Presentation on theme: "Chapter 16: Over-the-Counter (OTC) and Prescription Drugs"— Presentation transcript:
1Chapter 16: Over-the-Counter (OTC) and Prescription Drugs
2Prescription & OTC Drugs Prescription drugs are available only by recommendation of an authorized health professional, such as a physician.Nonprescription (over-the-counter, or OTC) drugs are available on request and do not require approval by a health professional.
3Prescription & OTC Drugs Prescription and OTC drugs have been viewed differently by the public sine the classifications were established by the Durham-Humphrey Amendment of 1951.In general, the public views OTC drugs as minimally effective and safe and prescription drugs as more potent and frequently dangerousHowever, these distinctions are not always accurate
4OTC Drugs Interesting Facts Each year the U.S. spends over $14 billion on OTC drugsMore than 300,000 different OTC products are available on the marketOTC expenditures comprise 60% of the annual drug purchase in the U.S.An estimated 3 out of 4 people routinely self- medicate with these drug products
5Abuse of OTC productsOTC products generally have a greater margin of safety than their prescription counterparts, but issues of abuse need to be considered.Physical dependencePsychological dependence
6Abuse of OTC productsNonprescription products that can be severely habit-forming: decongestants, laxatives, antihistamines, sleep aids, antacids and ephedrine.The active ingredients in OTC drugs have been classified and placed in category I (considered safe and effective)However, as recently as 1992, the FDA has banned over 400 ingredients from 7 categories of OTC products.
7“Switching” policy of the FDA The FDA is attempting to make more drugs available to the general public by switching some frequently used and safe prescription medications to OTC status.This policy is in response to public demand to have access to effective drugs for self- medication and has resulted in over 63 switched ingredients, such as ulcer and hair-growing medications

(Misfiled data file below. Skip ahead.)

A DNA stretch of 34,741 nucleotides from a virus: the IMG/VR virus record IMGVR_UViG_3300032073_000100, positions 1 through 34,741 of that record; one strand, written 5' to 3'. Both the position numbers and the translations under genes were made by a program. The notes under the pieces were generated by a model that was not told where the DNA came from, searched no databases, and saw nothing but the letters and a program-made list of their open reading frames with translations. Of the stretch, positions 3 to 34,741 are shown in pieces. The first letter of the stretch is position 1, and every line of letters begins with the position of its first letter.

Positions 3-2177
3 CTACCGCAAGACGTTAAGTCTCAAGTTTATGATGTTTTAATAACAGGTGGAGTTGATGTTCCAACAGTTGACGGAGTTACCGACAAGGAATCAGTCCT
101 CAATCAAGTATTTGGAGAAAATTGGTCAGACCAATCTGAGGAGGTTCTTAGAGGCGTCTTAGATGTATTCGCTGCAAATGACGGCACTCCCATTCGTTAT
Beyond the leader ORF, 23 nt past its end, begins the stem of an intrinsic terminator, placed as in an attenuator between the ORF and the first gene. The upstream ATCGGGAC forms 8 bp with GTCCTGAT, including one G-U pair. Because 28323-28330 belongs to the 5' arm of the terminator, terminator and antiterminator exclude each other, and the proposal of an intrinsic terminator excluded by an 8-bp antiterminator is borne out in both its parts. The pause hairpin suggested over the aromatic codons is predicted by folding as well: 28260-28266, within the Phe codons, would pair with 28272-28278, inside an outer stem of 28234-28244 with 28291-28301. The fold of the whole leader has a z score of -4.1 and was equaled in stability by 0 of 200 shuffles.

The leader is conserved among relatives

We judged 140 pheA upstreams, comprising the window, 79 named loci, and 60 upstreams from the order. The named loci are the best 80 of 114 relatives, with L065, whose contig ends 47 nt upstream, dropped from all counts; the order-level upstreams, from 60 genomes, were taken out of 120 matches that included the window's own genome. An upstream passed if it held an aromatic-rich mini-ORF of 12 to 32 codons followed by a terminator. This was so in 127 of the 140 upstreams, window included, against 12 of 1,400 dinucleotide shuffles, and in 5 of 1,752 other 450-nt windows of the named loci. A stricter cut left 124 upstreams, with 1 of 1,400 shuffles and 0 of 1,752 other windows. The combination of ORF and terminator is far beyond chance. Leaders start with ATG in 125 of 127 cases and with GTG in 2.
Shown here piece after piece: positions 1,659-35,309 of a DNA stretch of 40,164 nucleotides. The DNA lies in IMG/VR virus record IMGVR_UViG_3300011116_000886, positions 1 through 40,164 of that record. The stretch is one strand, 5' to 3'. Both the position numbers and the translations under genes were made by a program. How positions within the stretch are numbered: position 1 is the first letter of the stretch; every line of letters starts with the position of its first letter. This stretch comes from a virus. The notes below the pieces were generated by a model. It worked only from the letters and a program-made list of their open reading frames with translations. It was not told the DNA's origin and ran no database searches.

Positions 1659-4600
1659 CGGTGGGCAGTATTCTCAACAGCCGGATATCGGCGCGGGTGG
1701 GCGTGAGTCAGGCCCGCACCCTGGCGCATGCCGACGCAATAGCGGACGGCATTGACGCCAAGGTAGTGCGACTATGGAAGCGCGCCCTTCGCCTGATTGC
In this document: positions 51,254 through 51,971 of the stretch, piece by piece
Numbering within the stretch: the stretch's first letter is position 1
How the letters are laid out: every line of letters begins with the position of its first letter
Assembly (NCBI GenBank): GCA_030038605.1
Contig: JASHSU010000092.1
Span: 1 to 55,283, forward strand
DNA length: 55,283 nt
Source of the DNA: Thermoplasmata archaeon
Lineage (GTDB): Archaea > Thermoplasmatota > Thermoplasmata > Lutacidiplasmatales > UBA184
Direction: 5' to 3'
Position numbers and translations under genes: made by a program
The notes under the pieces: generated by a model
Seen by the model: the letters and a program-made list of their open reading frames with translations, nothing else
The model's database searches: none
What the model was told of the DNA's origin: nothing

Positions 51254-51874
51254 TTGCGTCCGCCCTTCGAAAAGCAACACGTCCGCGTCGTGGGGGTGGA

8OTC drugs and self-care More than one-third of the time people treat their routine health problems with OTC medications to receive symptomatic relief from their ailments.If done correctly, self-care with OTC medications can provide significant relief from minor, self-limiting health problems at minimal cost.
9OTC Labels Required label information includes: Approved uses of the productDetailed instructions on safe and effective useCautions or warnings to those at greatest risk when taking the medication
10Label information controlled by the FDA When to useHow to useWhat towatch forPossible druginteractionsWhen drugshould nolonger beusedProduct nameIdentityActiveingredientsQuantityManufacturerOTCAntacidsIngredients:12 fl. oz.GOTCHA,INC.IndicationsDirections:Warnings:Precautions:Expirationdate:
11Rules for proper OTC drug use Always know what you are taking.Know the effects.Read and heed the warnings and cautions.Don’t use anything for more than 1 to 2 wks.Be particularly cautious if also taking prescription drugs.If you have questions, ask a pharmacist.If you don’t need it, don’t use it!
13Types of OTC drugs Sleep aids Stimulants Cold, allergy and cough remediesDecongestantsAntitussivesExpectorantsVitamin CSleep aidsMelatoninStimulants“Look-alike” and “act-alike” drugs
14Types of OTC drugs Gastrointestinal medication Diet aids Skin products Antacids and anti-heartburn medicationDiet aidsSkin productsAcne medicationsSun productsSkin first-aid productsOTC herbal products
15Prescription drugsThere are currently more than 10,000 prescription products sold in the United States, representingApproximately 1500 different drugsWith 20 to 50 new medications approved each year by the FDAZantac
16Prescription drugsZantacAccording to the Durham-Humphrey Amendment of 1951, drugs are controlled with prescription if they are:Habit-formingNot safe for self-medicationIntended to treat ailments that require the supervisions of a health professionalNew and without an established safe track record
17Doctor-patient communication When a physician prescribes a drug, a patient should insist on answers to the following questions:What is the desired outcome?What are the possible side effects of the drug?How should the drug be taken to minimize problems and maximize benefits?
18Generic and proprietary drugs Generic is the official, nonpatented, nonproprietary name of a drug. The term generic is used by the public to refer to the common name of a drug that is not subject to trademark rights.Proprietary a brand or trademark name that is registered with the U.S. Patent Office. Proprietary denoted medications marketed under specific brand names, i.e., Valium.
19Common categories of prescription drugs AnalgesicsLow-potency (Darvon)Moderate potency (Percodan)High-potency (Demerol)AntibioticsAntibacterialsAntidepressants
20Common categories of prescription drugs Antidiabetic drugsAntiepileptic drugsAntiulcer drugsBronchodilators
21Common categories of prescription drugs Cardiovascular drugsAntihypertensive agentsAntianginal agentsDrugs to treat congestive heart failureCholesterol and lipid-lowering drugsHormone-related drugsSedative-hypnotic agentsDrugs to treat HIV